RHO You LHO Partner
2H 2S Pass 3NT
Vulnerable at matchpoints, what's your call holding ♠AQJ1085 ♥A ♦753 ♣1065 ?
In the last issue, we looked at how predictions about the play of the hand can often help you decide how high to bid. This type of analysis can also be valuable when you already know the level but have a choice of strain, as in the auction above. Can you see far enough into the future to determine whether 3NT or 4S will be the better contract?
Your heart stopper and good source of tricks make it tempting to pass 3NT. Nine tricks may be easier than ten, especially with so many losers in the minors. And then there's the lure of the extra 10 points -- and extra matchpoints -- if 3NT and 4S make the same number of tricks.
If you imagine the play to just the first trick, though, you'll see that 4S will usually be the better game. In notrump, you expect a heart lead, which will remove the only entry to your spades. If partner doesn't have the spade king, he'll need a very lucky layout to be able to run your suit.
Play considerations can also help you decide whether to investigate alternative game contracts. Suppose partner opens a strong 1NT and you hold ♠KJ6 ♥A754 ♦Q6 ♣QJ102. Do you Stayman to try to locate a heart fit, or do you jump directly to 3NT?
With the extra high-card strength and honors in your short suits, this is the right type of hand for choosing notrump. The 1NT-3NT auction also offers the advantage of concealing your major-suit holdings. Still, if you have a heart fit, 4H could make more tricks, especially if partner has weak diamonds.
You don't have enough information to predict the opening lead or make other inferences about the opponents' hands, but you can evaluate your cards in the context of how the play might develop. Assuming that you have a 4-4 heart fit, a 4H contract rates to earn more matchpoints than 3NT if partner scores a ruff in his hand or yours. It will do worse if the trumps break poorly or if the opponents negotiate a ruff.
Your suit quality will give you clues about the likelihood of those situations developing. In general, you should be most worried about bad breaks when your potential trump suit has top tricks (ace or king) without lower honors or spot cards. You're least likely to score an extra trick through ruffing if your side suits have slow tricks (lower honors) and good spot cards. Topless side suits are also more vulnerable to ruffs by the opponents.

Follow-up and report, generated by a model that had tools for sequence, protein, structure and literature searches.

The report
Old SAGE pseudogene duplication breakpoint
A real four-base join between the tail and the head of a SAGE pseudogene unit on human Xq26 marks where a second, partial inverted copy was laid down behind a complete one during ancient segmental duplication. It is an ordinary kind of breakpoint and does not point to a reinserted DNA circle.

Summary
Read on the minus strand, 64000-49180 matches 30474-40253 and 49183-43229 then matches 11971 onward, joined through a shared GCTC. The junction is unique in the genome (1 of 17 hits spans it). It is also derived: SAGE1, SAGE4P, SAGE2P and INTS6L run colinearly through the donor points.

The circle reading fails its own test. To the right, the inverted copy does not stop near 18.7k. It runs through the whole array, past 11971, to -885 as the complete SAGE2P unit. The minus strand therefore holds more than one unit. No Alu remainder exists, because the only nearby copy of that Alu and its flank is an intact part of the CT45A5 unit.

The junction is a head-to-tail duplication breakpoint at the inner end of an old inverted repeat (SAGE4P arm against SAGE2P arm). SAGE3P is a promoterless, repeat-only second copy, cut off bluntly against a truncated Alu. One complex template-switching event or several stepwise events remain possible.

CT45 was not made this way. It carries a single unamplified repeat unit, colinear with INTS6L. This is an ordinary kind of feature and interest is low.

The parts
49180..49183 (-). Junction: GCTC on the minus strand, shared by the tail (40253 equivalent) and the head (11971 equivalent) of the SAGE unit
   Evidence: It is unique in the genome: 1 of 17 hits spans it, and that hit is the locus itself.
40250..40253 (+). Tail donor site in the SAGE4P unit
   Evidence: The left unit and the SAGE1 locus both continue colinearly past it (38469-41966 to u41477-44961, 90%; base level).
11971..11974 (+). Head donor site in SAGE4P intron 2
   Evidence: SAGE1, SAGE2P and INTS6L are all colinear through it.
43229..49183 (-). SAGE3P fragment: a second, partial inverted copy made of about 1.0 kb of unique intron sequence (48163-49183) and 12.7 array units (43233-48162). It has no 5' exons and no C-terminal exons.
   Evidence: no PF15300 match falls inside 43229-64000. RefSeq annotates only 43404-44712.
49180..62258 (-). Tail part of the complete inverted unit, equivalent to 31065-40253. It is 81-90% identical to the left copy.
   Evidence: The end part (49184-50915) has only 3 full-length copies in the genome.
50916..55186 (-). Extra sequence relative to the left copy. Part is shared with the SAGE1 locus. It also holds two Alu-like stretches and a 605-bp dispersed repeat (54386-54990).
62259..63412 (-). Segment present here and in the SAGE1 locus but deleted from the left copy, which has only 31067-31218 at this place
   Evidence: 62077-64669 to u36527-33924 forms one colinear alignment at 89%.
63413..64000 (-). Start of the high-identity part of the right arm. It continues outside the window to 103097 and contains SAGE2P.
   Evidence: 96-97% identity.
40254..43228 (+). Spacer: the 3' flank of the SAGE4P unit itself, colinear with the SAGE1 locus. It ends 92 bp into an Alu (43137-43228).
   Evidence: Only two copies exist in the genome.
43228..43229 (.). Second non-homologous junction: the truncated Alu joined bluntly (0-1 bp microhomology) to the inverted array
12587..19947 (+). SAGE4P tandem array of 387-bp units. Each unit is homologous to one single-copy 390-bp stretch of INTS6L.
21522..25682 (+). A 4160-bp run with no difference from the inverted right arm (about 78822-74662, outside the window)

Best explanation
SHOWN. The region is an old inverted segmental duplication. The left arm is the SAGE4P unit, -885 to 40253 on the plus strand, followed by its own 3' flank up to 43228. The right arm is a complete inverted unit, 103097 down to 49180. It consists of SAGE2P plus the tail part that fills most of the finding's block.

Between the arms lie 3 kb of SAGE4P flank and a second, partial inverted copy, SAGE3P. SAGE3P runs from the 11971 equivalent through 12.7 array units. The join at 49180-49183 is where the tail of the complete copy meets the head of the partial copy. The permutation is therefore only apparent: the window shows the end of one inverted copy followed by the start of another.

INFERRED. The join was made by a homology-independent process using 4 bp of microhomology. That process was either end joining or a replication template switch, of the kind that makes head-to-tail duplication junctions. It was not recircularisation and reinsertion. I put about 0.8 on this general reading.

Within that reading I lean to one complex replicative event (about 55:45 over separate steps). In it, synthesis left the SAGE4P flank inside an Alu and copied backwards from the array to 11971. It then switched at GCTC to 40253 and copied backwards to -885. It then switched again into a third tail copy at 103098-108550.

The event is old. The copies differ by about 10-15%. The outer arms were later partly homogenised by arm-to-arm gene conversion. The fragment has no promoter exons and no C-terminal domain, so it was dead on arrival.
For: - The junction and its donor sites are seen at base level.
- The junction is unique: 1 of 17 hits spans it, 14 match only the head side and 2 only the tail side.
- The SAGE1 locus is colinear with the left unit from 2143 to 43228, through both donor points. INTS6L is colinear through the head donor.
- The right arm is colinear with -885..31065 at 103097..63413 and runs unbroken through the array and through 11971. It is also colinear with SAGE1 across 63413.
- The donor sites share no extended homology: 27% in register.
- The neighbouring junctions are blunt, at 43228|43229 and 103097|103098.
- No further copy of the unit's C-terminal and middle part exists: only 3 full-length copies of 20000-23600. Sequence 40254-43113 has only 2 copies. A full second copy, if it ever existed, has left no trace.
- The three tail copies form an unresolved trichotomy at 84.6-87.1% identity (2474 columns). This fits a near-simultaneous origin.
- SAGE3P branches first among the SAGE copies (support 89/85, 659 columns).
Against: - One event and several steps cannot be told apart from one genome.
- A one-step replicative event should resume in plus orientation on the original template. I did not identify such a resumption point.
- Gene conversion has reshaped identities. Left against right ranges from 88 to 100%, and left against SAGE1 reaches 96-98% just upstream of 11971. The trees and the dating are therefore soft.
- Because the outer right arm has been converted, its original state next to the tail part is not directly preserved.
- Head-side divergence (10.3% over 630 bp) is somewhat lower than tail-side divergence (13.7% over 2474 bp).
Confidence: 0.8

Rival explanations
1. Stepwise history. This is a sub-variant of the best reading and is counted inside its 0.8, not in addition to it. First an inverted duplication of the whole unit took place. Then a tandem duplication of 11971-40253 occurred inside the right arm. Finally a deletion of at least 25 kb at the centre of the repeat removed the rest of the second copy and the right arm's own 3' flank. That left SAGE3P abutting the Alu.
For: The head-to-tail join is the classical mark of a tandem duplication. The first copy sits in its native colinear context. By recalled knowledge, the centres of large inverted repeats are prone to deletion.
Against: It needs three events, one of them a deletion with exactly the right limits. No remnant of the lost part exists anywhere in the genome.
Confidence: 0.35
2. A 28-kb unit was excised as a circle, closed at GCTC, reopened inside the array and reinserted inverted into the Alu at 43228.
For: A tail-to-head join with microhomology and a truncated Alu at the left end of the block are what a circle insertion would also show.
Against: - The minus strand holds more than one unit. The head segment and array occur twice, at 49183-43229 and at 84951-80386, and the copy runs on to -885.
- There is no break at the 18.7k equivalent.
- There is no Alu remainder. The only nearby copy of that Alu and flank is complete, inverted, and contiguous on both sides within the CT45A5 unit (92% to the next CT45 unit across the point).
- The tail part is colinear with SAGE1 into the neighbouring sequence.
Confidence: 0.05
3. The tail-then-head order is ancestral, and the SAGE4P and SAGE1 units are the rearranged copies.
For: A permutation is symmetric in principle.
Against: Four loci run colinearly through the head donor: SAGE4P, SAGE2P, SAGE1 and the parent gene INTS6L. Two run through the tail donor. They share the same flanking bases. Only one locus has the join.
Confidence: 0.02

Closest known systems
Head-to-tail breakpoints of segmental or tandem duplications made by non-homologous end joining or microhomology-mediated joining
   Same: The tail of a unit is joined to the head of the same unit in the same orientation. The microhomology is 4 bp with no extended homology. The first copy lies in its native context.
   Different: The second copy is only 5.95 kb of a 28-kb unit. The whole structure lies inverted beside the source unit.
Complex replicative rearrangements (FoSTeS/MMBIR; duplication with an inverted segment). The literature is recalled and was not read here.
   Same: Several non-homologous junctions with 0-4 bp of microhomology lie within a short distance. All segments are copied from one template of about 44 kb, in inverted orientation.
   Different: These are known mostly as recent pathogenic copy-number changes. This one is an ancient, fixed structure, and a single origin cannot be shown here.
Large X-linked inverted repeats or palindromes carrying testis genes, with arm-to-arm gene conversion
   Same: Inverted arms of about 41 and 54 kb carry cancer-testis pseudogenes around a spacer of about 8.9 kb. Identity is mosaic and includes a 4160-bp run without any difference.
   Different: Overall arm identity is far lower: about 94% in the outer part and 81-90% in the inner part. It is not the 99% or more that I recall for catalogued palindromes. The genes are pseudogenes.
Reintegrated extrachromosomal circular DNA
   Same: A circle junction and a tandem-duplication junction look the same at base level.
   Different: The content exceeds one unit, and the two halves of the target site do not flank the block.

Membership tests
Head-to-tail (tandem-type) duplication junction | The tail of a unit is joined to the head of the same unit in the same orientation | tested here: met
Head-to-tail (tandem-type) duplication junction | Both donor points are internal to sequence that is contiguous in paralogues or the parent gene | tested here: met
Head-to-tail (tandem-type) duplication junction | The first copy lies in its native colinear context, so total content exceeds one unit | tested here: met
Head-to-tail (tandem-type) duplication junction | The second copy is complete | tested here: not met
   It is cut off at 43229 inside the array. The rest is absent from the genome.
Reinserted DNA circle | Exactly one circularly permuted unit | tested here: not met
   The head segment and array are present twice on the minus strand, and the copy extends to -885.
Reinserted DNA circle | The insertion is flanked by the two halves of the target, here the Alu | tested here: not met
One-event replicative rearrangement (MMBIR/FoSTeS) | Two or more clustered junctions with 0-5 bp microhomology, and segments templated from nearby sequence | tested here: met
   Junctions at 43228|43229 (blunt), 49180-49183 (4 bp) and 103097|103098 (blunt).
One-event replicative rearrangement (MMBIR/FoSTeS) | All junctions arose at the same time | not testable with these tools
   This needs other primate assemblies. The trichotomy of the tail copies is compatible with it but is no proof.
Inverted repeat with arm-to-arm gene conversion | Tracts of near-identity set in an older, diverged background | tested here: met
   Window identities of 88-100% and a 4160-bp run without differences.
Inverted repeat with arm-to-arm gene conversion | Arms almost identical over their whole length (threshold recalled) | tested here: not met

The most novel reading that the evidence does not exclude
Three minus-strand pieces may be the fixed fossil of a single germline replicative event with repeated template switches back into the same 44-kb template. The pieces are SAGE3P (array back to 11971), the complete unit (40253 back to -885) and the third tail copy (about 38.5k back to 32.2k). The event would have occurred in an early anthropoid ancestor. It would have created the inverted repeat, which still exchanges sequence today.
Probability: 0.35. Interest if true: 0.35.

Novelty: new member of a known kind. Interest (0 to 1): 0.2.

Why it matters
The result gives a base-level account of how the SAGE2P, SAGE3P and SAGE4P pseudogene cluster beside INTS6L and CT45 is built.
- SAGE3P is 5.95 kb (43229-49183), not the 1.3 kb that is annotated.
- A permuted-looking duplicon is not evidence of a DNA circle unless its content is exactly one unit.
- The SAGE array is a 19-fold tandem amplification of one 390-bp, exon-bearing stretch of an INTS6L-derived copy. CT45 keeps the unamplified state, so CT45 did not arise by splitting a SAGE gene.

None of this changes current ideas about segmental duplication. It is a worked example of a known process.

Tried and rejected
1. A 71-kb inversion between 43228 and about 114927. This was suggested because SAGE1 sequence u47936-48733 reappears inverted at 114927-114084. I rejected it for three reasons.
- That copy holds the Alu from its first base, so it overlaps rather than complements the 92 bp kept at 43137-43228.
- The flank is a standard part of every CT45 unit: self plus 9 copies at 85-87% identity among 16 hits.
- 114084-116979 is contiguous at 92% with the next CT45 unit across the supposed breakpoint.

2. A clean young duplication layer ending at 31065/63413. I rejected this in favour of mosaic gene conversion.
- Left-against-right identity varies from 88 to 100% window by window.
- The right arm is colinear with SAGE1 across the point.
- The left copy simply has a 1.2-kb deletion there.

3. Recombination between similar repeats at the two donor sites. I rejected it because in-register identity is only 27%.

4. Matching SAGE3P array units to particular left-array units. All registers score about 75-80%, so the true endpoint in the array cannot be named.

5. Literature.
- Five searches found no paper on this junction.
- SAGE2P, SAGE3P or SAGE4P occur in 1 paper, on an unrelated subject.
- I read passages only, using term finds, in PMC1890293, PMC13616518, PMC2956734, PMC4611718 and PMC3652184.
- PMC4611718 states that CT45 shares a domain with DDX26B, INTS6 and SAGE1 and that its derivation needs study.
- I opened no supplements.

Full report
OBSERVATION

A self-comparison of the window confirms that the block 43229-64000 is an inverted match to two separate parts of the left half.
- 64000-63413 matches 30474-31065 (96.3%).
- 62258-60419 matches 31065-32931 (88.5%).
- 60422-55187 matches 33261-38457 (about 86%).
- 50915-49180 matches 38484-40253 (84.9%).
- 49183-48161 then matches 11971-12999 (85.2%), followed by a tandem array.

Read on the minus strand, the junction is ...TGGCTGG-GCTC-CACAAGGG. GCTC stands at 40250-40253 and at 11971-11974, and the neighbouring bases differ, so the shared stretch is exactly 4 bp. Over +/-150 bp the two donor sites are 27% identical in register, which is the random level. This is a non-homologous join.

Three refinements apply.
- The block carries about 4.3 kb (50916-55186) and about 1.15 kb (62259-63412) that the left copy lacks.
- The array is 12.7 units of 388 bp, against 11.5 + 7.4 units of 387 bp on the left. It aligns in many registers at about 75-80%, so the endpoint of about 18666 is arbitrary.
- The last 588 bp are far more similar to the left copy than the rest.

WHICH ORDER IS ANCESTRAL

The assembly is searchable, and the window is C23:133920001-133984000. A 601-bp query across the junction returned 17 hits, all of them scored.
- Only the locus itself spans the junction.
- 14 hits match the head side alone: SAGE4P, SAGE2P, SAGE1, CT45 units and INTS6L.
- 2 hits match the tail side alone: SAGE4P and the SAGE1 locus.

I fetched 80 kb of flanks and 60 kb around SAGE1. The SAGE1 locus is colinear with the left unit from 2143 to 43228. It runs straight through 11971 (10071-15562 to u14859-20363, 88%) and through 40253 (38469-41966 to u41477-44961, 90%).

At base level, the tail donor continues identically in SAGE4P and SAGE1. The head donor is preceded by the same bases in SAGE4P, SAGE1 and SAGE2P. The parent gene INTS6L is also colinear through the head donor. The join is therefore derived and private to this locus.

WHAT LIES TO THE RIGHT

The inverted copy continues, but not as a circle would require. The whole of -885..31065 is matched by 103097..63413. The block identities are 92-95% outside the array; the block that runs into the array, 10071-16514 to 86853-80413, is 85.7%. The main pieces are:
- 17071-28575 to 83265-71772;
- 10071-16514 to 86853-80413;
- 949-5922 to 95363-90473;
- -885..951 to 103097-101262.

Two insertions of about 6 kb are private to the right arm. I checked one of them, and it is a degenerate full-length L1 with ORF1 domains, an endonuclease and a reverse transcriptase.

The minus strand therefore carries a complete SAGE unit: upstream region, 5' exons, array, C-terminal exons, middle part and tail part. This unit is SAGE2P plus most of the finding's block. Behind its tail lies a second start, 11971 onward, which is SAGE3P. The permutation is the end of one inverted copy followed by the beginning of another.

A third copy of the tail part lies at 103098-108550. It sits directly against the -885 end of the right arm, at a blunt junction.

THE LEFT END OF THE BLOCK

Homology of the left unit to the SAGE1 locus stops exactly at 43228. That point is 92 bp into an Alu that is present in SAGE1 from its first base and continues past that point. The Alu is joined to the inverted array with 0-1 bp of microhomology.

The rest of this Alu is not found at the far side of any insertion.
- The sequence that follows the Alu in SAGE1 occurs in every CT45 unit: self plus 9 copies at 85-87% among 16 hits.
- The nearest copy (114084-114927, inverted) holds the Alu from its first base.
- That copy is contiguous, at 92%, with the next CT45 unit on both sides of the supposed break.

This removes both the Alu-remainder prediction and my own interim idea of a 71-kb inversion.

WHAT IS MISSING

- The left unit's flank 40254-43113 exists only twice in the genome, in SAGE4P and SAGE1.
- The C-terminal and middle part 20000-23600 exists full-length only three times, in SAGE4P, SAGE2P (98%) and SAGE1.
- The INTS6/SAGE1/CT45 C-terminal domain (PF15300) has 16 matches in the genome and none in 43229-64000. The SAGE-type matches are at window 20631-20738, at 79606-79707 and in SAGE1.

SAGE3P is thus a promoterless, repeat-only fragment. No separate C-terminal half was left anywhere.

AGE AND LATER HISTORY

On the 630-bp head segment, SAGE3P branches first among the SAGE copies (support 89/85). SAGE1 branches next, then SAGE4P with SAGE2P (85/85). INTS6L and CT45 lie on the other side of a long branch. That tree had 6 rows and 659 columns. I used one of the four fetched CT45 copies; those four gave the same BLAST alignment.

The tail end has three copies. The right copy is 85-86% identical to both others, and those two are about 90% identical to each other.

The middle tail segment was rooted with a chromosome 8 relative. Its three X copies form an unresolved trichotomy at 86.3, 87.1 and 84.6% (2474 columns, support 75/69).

Your suits match those descriptions, which suggests that 3NT is the winning bid. Give partner a typical 1NT opener -- ♠AQ4 ♥K632 ♦KJ92 ♣K3 -- and you can see the advantages. 3NT will always score higher than 4H, no matter how the suits divide, because partner also has an "empty" trump holding and no helpful ruffing value. 4H, however, will go down on a 4-1 trump break.
The play will be different if you switch the club and heart suits in responder's hand. Holding ♠KJ6 ♥QJ102 ♦Q6 ♣A754, you'll often do better in the 4-4 fit because your hearts have enough body to survive a poor trump break. 3NT could actually go down on a club lead, while 4H should score an overtrick because partner can ruff a club loser in his hand.
Keep in mind that most pairs will use Stayman with both of these responding hands, so be prepared for a near-zero if you deviate from the field's choice and it's wrong. Even if you think you have the perfect hand to spurn Stayman, it could be a deal where you've missed a 9-card heart fit and the opponents run the first five diamond tricks.
Like other deliberations during the auction, predicting the play of the hand
requires some guesswork, and you won't always be right. The opponents may not
make the "obvious" opening lead and the play could take an unexpected, even
illogical turn. Thinking through the scenarios, though, gives you another
perspective on possible solutions, and no bridge player can have too many of
© 2014 Karen Walker